A rise in criminal activity this year has prompted Wiscasset police Lt. John Allen to request one more full-time officer in November and another next June through a grant.
“I wouldn’t come and ask for it if I didn’t need it,” he told selectmen Tuesday night at their regular meeting.
Currently, Allen and two others officer make up the full-time force which Allen says has become overloaded with law enforcement activity this past year, especially lately. “We had six burglaries in one night,” he said.
It is getting to be too much to handle for him and Officer Willy Simmons and Kathy Williams.
Allen said the Sheriff’s Dept. “refused” to help the local department with the chain of burglaries, leaving several local businesses without police protection during the incidents, since the department no longer provides 24/7 service as in the past. Reserve officers have not made up the difference.
The total number of calls from January through July has increased from 2013 in 2002 to 2379 in 2009, Allen reported to selectmen in his bid to increase the force. He estimated needing $25,000 for the first six months to add one officer, until a budget request for a full year at next year’s June town meeting.
Arrests and offenses, including illegal drug traffic, and has been on the rise with 132 offenses reported this year as opposed to 102 in 2007 and 115 arrests, compared to 93 in 2007 and 80 in 2008. Accidents reported rose from 69 in 2008 to 86 in 2009, he said.
Allen said a fifth officer could be added through funding from a Cop Fast grant the department could apply for to cover the position. He understands the grant has to precede the hiring of an officer and so might not be applicable for the first officer, which would start in December.
Domestic violence has been continuing to rise with 25 domestic disturbance calls this year compared to 17 last year, and drug investigation rose from nine cases in 2007 and six cases in 2008 to 20 this year. Suicide cases went from one in 2007 to five in 2009. Violation of protection orders increased from three in 2007 to 10 in 2009.
Other types of criminal activity has also been on the rise with 95 burglary alarm calls, 38 calls concerning harassment, 56 cases of juvenile problems, 68 theft cases and 56 warrant for arrest issues. Besides that, sex offenses have increased noticeably from 20 in 2007, to 59 in 2008 and 74 this year.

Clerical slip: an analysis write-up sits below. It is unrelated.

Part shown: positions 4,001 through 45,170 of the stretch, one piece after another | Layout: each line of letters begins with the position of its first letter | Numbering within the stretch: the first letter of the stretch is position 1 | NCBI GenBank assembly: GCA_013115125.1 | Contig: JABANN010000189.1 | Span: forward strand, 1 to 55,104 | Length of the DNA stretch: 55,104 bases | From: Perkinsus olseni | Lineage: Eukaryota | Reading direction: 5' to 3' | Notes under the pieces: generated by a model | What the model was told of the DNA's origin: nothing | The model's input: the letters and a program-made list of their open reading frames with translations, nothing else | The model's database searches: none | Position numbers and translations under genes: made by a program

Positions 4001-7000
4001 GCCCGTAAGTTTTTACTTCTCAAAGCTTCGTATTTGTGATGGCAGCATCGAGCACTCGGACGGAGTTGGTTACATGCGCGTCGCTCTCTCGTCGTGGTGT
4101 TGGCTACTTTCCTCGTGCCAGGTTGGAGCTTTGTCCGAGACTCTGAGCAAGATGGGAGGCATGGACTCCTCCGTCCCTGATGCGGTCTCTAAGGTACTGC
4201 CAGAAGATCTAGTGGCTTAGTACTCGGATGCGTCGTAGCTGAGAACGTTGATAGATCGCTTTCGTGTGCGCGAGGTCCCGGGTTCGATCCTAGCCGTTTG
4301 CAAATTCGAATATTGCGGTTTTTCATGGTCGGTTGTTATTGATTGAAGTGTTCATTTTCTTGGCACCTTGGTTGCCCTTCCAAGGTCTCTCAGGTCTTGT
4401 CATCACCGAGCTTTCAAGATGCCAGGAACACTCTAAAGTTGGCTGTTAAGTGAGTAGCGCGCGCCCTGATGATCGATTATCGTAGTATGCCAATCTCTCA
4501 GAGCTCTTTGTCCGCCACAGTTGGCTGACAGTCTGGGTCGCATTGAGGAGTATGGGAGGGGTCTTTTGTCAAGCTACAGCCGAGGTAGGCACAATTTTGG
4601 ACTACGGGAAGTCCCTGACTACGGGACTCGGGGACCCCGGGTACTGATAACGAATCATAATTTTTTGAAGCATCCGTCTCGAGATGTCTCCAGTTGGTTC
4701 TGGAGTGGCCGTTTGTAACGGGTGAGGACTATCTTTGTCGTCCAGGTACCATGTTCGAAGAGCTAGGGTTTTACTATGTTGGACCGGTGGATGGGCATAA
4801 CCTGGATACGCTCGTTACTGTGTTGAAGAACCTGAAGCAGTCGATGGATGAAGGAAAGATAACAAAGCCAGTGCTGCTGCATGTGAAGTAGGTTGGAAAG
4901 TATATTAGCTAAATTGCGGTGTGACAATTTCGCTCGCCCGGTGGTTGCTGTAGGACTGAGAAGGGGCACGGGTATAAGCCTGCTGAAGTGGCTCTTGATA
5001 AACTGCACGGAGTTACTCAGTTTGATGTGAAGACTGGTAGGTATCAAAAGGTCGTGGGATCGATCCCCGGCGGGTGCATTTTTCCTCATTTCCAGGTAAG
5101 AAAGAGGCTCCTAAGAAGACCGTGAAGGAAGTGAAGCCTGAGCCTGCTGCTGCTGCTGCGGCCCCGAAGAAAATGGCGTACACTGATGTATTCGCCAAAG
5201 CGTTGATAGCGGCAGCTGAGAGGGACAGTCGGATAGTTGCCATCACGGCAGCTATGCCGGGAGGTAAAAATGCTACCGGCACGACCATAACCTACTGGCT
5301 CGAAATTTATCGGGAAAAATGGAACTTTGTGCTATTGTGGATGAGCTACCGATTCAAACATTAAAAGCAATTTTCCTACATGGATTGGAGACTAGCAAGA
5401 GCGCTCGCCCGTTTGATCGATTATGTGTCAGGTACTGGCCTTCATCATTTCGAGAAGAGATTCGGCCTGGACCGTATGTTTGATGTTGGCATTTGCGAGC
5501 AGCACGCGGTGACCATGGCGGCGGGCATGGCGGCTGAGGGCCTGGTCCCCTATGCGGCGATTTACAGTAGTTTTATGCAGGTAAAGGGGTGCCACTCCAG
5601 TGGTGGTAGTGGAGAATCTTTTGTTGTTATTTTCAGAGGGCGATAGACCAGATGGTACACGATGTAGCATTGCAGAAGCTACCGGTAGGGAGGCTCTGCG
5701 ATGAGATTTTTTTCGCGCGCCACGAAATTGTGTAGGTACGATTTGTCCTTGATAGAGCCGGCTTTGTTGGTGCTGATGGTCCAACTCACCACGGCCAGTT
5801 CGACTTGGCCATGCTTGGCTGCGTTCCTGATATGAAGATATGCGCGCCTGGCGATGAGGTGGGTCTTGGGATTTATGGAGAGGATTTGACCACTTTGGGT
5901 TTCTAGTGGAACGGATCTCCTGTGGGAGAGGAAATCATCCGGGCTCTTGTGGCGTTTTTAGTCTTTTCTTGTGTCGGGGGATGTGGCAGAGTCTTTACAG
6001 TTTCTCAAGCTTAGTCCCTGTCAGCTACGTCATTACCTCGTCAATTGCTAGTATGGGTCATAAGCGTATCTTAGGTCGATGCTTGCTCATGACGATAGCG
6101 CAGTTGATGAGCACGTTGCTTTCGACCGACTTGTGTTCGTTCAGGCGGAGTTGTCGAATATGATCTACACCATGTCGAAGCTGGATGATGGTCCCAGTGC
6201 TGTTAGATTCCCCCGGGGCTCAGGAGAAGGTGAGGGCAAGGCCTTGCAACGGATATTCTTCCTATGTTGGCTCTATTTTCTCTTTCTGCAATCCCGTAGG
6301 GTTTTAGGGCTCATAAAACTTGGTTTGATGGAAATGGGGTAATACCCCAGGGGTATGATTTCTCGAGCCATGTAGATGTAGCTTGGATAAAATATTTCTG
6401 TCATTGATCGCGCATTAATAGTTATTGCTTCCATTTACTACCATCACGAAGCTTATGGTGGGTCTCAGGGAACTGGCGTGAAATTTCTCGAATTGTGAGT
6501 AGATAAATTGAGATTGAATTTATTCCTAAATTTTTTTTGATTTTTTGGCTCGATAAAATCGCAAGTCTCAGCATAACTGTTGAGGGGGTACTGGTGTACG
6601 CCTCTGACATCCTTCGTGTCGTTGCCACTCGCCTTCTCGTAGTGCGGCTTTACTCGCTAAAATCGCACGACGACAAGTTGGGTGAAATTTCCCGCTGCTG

Some of the reserve officers have expressed an interest in applying for a full-time position if it becomes available, thus eliminating the cost of uniforms and other expenses if hired.
Select board chairman Bob Blagden said the additional $25,000 could be taken from reserves or somewhere in the local budget for 2009-10, eliminating the need for additional tax dollars until next June. Blagden said he had no qualms about putting the question on the ballot in November to let the people decide the issue.
The firearms issues has been tossed about at board meetings lately, and this week Game Warden Sgt. Mark Warren, regional supervisor for the state Dept. of Inland Fisheries & Wildlife, was present to answer questions about the state role if a town ordinance is in place.
Warren said the local jurisdiction would handle enforcement of such an ordinance and the state would not be enforcing a local ordinance.
The arguments against it include that from resident Larry Barnes, who questioned the state law’s sufficiency to cover any possible dangers to the populace in the use of firearms.
However, Allen believes the local ordinance would be more restrictive and protect citizens from the eventuality of injury and possible death from firearms use in the restricted zone around the village downtown and waterfront areas.
The board took no action on the request but took it under advisement for future discussion.
The second ordinance under consideration several months ago but passed over, concerns an ordinance requiring sex offenders to inform landlords of their status. It came to the attention of Allen when resident Clark Jones said he found his renter happened to be a sex offender.
Under the state law regarding sex offenders, sex offenders must report to police within 48 hours of moving to a community, according to Allen. Allen said he gives them a packet with the law and would add a copy of the town ordinance if enacted.
Rines said the position of Lieutenant does not have the same level of authority, and the town needs that.